Thursday, July 15, 2010

What If the Tea Party Was Black?

No giant essay today; just two (or three, depending) strong recommendations for listening/reading.

Satellite High, the guy behind the awesome diss track of the teaparty rappers Wolverines' track "O.T.P. (One-Term President)," hipped me to a really satisfying video today, entitled "What If the Tea Party Was Black?" For politically oriented hip-hop, it's extremely well done, avoiding ponderous and syllable-choked words, elaborate sentences or the unskilled MC's tendency to run back to a chorus every two lines because he's afraid you won't "get" it. The whole thing is perfectly pitched: fun, catchy and devastatingly on-point when it needs to be:

You may remember the title as the subject of a Tim Wise column linked here in a piece called "The Right Kind of Terrorism," in which I looked at the far right's new self-aggrandizing offenses against history and expanded on Wise's speculation about how whites would respond if people of color behaved exactly like the teaparty. Wise continues to catalog the teaparty's abuse of fact and their entirely fabricated martyrdom in a new and brutally — but enjoyably — thorough essay entitled, "Black Power's Gonna Get You Sucka: Right-Wing Paranoia and the Rhetoric of Modern Racism."

His essay teems with links to studies and news articles on modern white racism against blacks and other minorities, followed by a list of frankly disgusting white claims of "reverse racism." If you know anyone who sincerely uses the term, this is the excellent counterpoint to the racist fantasist trash that they eagerly forward to your email box hours after Glenn Beck or Rush Limbaugh spontaneously invents it on air.


  1. I appreciate the brevity of this one.

  2. I'm assuming you heard about that guy who retorted the NAACP's claim that the tea party was racist with the not-at-all retarded statement that he shouldn't listen to a group that has "colored" in its name talk about race.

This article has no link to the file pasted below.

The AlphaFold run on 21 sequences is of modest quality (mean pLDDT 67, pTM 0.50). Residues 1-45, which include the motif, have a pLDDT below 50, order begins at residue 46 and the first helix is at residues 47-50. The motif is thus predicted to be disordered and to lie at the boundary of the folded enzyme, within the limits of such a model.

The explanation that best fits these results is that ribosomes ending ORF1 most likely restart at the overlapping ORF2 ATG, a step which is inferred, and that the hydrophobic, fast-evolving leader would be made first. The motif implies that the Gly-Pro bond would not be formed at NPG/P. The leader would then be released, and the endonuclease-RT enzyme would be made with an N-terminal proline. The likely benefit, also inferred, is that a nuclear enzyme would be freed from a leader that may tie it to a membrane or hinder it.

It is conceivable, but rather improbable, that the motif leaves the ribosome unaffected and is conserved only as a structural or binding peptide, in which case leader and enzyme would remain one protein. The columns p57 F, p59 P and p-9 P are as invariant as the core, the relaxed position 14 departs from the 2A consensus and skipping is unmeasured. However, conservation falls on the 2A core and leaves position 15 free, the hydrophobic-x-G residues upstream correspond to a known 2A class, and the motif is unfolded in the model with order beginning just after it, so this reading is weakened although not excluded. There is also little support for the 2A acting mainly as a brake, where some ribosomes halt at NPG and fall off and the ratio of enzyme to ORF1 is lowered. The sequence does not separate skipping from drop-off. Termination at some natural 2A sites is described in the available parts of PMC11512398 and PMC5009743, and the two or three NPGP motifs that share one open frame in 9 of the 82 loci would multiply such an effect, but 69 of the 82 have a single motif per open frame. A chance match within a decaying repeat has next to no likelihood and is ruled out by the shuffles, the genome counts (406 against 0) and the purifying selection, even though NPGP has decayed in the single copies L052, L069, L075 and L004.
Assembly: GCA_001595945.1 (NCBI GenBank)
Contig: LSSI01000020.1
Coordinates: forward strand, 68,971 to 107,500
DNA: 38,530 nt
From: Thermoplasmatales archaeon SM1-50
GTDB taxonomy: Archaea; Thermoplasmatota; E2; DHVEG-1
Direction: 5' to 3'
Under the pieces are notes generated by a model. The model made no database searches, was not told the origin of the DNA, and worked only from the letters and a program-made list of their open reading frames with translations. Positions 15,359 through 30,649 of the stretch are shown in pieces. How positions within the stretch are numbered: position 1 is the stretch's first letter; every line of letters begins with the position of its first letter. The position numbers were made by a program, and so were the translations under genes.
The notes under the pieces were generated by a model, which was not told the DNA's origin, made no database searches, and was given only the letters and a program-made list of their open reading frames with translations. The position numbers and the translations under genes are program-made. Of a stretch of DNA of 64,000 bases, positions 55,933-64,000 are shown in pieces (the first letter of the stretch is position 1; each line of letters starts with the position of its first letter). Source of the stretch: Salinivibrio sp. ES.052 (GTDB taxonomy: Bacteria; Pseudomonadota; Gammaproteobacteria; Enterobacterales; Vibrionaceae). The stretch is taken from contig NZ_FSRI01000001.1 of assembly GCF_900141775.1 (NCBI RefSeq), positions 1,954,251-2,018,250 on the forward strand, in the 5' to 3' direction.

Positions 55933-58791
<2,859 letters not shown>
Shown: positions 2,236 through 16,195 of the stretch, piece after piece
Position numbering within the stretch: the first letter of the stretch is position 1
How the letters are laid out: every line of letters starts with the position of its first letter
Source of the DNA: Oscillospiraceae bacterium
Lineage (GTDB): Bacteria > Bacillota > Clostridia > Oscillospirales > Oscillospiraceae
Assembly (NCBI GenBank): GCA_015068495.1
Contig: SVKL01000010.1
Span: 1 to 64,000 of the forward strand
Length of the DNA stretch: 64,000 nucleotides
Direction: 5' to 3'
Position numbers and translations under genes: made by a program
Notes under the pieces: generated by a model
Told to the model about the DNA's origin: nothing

This guy, Mark Williams, wrote a blog post with a satiric letter where the NAACP's president wrote to Lincoln calling him "the greatest racist ever," among other retarded things. Read it here:

    But like an angel of sanity, Tim Wise appears in the comments section and drops some knowledge on this douchenozzle:

    "As for the NAACP: to call them racist for their name is the height of ignorance, and you must surely know it. The group formed in 1909, at which time that was the term. Now, perhaps they could have changed their name, but for the sake of organizational continuity most groups don’t do that. There is a proud history behind that group, as surely you must recognize. Needless to say, NAACP members don’t go around calling themselves colored or other folks colored in conversation. It is simply the name so as to demonstrate the longevity of one of the nation’s premier civil rights groups.

    Secondly, this letter, as many of your other commenters above have noted is highly insensitive (not just un-PC), and can easily be construed as racist. To begin, you trip every stereotype about black people being lazy, wanting flat screen TVs with taxpayer dollars, and not wanting to work, etc so as to make your point. How is that not racist? (Aside from being inaccurate in terms of what black folks’ values actually are)."